There’s a variety of ways to get to Bernal Heights Park. I took one of the most obvious routes: starting on Folsom Street, I walked all the way to the southern end of the street. The sidewalk ends on the right side, but continues on the left. If you turn around at this point you’ll see a home with an interesting mural.

 
Bernal Heights
 

Not far up the road there’s a somewhat infamous rock that tends to get painted over by local pranksters. Not long ago it was painted to look like the poo emoji. More recently it was painted a bright cyan color, and someone added a troll-ish looking face.

 
Bernal Heights
 

Crossing the street here leads to an entrance to the park. There’s a gated paved road winding around the hill that’s presumably intended for utility workers, but for parkgoers it’s a place to walk, bike, or play fetch with your dog.

From this particular entrance you’ll spot a colorful memorial honoring the life of Alex Nieto, a young man who’s life was tragically ended by police brutality. Though his death was over two years ago, the memorial is still immaculately maintained.

 
Bernal Heights
 

Continue walking around as the road turns and you’ll eventually encounter a stone labyrinth. Right now it could use some love, but you can still see the rough outline of the maze.

 
Bernal Heights labyrinth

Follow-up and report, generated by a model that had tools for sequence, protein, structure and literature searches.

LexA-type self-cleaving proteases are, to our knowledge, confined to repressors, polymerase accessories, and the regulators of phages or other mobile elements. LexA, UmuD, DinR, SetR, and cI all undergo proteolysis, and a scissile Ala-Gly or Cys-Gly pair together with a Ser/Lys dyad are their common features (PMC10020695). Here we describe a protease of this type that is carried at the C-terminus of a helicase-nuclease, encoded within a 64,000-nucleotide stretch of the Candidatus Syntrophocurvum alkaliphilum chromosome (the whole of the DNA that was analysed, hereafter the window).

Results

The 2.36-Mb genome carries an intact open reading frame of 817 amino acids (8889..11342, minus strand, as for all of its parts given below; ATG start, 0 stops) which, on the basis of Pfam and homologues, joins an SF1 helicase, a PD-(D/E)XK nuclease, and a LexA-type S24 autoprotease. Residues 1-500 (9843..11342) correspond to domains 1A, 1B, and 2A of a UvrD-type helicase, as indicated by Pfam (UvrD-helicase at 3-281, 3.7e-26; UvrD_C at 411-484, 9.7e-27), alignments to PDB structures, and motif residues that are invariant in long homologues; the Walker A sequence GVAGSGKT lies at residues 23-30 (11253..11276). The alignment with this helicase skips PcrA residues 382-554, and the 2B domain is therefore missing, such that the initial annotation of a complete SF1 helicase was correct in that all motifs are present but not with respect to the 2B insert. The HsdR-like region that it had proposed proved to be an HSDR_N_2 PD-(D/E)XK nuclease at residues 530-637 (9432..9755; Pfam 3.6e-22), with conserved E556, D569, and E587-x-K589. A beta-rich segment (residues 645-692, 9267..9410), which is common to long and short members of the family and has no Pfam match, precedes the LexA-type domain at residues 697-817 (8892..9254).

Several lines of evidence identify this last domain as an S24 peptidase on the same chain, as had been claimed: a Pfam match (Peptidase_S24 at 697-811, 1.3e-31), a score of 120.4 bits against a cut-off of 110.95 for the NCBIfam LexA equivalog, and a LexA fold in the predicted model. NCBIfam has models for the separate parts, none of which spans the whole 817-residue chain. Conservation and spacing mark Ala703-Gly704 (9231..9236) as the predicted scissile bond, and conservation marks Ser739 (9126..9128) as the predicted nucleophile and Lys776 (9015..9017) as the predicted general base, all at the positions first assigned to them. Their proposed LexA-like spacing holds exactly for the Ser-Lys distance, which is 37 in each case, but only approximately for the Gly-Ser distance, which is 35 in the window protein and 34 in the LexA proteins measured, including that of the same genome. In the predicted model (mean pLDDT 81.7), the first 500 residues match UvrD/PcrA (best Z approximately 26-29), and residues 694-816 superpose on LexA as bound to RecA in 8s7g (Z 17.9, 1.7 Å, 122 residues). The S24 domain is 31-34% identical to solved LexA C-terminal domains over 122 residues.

From there you can get a clear view of the top of the park, where there’s the trees and a mysterious wireless hub of some sort. I headed up to check out the wireless thing. I’m not entirely sure what it is, but the building at the bottom is covered in murals, and there’s one of those air raid sirens next to it that’s tested at noon every Tuesday.

THIS IS A TEST. THIS IS A TEST OF THE OUTDOOR WARNING SYSTEM. THIS IS ONLY A TEST.

 
Bernal Heights Tuesday at Noon siren on Bernal Strange device on Bernal Heights
 

Jutting out just below the top of the park is a flat-ish rocky area where some children were running around, dogs were being walked, and some dude was flying a kite.

 
Kite flying on Bernal
 

I walked out to the edge of this area and snapped a giant panoramic photo. Click the image for the full view and you can see the “bonsai” trees on the left. Moving right you can see Sutro Tower, the top of the Golden Gate Bridge, the office towers downtown, and the two spans of the Bay Bridge near the left.

 
Bernal Heights pano
 

As for getting back down, there’s really only one way to go. Why? One word: slides! If you head to the northwest side of the park, there’s an unmarked staircase heading down to Esmeralda Ave. Head down that staircase, walk one block in the same direction, and you’re at the slide park. Grab a piece of cardboard and let gravity do its thing.

After that, keep heading in the same direction and you’ll get to one of the city’s smallest parks, Coleridge Mini Park. This tiny “park” is really nothing to write home about, but there’s a nice view of Sutro Tower from there and a micro-sized playground for little kids.

 
Sutro Tower from Coleridge Mini Park
 

To get to Mission Street, keep heading down the hill and you’ll wind up near the intersection of Mission and Valencia.

Want to see all the photos I took on this excursion? Take a peek at this Flickr album.

What is it a nice day for?

September 4th, 2016

It's a nice day...